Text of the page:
Rodgers said the Anglican Communion must recover its historic identity, including all of the marks of the Church as set forth in the Jerusalem Declaration or be divided. “It happened at each of the great historic Councils, it happened at the Reformation of the 16th Century and it could happen in our day. The issues cannot be ignored.

“For CAPA to be concerned for the preservation and treasuring of these marks in the Anglican Communion is clearly not an act of becoming an interest group in the Church, but rather it is CAPA acting as and on behalf of the Church, as Anglicans have historically read the Scriptures. At some point, as the present drift from historic Anglican theology spreads abroad, it is surely right to work hard for that reform or recovery rather than a division. And we pray that CAPA will be one of the leaders in that godly work of recovery and reformation.”

It is unclear at this point in time where all the African bishops stand in relationship to the Archbishop of Canterbury, Lambeth and GAFCON. Many CAPA bishops showed up at Lambeth this past summer even though archbishops and bishops from the larger African provinces like Nigeria, Uganda, Rwanda and Kenya did not. These latter countries represent the vast majority of Anglicans, some 44 million, in the Anglican Communion.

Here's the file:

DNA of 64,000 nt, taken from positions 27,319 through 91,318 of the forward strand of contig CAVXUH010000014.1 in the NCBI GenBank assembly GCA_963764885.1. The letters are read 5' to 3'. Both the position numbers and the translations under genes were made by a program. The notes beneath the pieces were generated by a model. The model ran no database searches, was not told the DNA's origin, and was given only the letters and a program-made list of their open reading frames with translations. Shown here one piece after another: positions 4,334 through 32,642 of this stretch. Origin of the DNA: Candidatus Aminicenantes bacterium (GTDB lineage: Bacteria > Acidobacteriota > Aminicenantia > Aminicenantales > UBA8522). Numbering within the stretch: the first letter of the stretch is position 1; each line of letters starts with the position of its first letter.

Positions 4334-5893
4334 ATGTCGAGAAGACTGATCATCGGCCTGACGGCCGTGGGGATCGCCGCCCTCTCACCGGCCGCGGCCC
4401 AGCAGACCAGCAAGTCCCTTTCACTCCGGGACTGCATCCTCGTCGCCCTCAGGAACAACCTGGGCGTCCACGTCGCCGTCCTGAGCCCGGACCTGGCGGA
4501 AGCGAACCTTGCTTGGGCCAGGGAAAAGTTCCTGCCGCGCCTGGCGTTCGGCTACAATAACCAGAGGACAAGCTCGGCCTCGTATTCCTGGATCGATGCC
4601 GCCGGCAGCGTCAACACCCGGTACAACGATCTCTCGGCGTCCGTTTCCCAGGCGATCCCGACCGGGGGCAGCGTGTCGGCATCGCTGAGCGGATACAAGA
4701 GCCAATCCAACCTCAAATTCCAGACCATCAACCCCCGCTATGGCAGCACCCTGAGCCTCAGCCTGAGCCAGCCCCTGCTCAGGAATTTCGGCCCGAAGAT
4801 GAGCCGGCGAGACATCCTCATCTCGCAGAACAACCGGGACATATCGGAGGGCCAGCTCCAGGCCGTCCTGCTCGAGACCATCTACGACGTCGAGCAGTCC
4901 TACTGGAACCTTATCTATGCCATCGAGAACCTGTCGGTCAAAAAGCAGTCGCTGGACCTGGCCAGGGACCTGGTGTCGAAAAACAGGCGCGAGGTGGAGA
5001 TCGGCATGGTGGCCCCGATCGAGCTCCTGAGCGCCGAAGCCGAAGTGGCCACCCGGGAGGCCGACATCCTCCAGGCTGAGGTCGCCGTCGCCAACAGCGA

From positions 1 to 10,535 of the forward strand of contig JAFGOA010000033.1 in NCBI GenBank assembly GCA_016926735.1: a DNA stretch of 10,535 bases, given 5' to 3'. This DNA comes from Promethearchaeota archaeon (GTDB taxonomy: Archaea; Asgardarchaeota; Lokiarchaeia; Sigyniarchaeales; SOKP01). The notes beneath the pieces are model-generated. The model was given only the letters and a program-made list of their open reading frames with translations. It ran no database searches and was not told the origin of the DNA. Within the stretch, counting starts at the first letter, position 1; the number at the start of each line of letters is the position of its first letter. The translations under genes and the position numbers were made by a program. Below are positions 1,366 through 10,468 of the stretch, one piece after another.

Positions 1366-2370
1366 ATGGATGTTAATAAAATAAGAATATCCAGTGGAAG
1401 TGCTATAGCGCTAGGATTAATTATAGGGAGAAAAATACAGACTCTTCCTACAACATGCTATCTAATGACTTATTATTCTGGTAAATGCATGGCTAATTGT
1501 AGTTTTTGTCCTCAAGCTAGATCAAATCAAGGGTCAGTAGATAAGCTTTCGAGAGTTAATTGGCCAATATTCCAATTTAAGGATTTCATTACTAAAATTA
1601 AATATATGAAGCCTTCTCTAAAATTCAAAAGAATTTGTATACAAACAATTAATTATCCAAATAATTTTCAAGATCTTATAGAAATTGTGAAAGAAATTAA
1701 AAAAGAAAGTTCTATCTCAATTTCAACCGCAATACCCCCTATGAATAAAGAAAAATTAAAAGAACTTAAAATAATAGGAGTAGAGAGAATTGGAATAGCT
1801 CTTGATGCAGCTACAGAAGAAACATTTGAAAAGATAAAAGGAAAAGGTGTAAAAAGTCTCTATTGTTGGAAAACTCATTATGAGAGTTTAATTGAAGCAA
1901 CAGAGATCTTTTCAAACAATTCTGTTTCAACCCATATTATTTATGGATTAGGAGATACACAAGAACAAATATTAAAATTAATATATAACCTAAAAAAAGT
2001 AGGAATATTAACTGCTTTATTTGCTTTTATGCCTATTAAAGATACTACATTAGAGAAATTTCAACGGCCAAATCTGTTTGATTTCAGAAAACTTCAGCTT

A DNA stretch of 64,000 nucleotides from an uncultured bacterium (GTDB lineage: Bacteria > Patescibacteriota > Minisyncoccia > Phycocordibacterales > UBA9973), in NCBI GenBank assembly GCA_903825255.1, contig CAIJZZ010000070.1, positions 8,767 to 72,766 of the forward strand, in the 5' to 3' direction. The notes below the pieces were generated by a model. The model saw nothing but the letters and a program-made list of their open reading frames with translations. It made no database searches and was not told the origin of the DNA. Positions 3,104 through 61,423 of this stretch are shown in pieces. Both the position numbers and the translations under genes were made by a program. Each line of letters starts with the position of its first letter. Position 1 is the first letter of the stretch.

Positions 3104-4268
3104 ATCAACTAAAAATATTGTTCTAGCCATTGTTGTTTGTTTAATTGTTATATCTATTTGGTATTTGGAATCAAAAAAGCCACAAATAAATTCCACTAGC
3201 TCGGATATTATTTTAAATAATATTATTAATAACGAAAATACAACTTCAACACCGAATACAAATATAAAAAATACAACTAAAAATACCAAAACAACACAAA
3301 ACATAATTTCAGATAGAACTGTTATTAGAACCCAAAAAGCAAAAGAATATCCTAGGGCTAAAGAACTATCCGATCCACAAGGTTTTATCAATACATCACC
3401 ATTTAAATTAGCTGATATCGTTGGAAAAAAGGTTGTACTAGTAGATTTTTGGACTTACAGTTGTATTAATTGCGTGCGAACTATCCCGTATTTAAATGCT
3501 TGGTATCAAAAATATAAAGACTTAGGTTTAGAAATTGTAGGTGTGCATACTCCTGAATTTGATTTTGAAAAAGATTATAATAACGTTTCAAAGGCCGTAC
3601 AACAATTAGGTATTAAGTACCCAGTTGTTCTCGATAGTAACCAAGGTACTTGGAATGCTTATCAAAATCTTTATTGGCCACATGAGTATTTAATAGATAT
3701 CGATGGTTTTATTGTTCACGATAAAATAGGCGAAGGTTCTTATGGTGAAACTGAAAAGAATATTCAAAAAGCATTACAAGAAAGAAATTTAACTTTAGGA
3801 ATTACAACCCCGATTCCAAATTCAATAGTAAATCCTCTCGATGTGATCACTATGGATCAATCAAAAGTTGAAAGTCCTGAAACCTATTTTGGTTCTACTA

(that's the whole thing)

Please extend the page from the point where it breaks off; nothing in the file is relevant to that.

Clearly, as Western pan-Anglicanism slowly disintegrates with orthodox dioceses, parishes and individuals fleeing in the US, Canada and now the UK, with many of them coming under Primates in the Global South, there will be less incentive for Africans to stay or want to hold together the Anglican communion as it is presently constructed.

Furthermore, there is a growing chorus for Dr. Rowan Williams to resign, as homosexuality slowly becomes more enshrined with publically undisciplined acts occurring in the Church of England. These acts will only further alienate Global South leaders.

The Church of England is increasingly being hobbled over women bishops, the alienation of its Anglo-Catholic wing and increasingly rebellious homosexual acts involving same-sex unions and non-celibate pansexualists in the pulpit.

Furthermore, the Church of England is irrelevant to 98% of the British public. Their priests are barely able to muster a million of 60 million to turn out on a Sunday morning to worship in tens of thousands of England’s rapidly dying churches.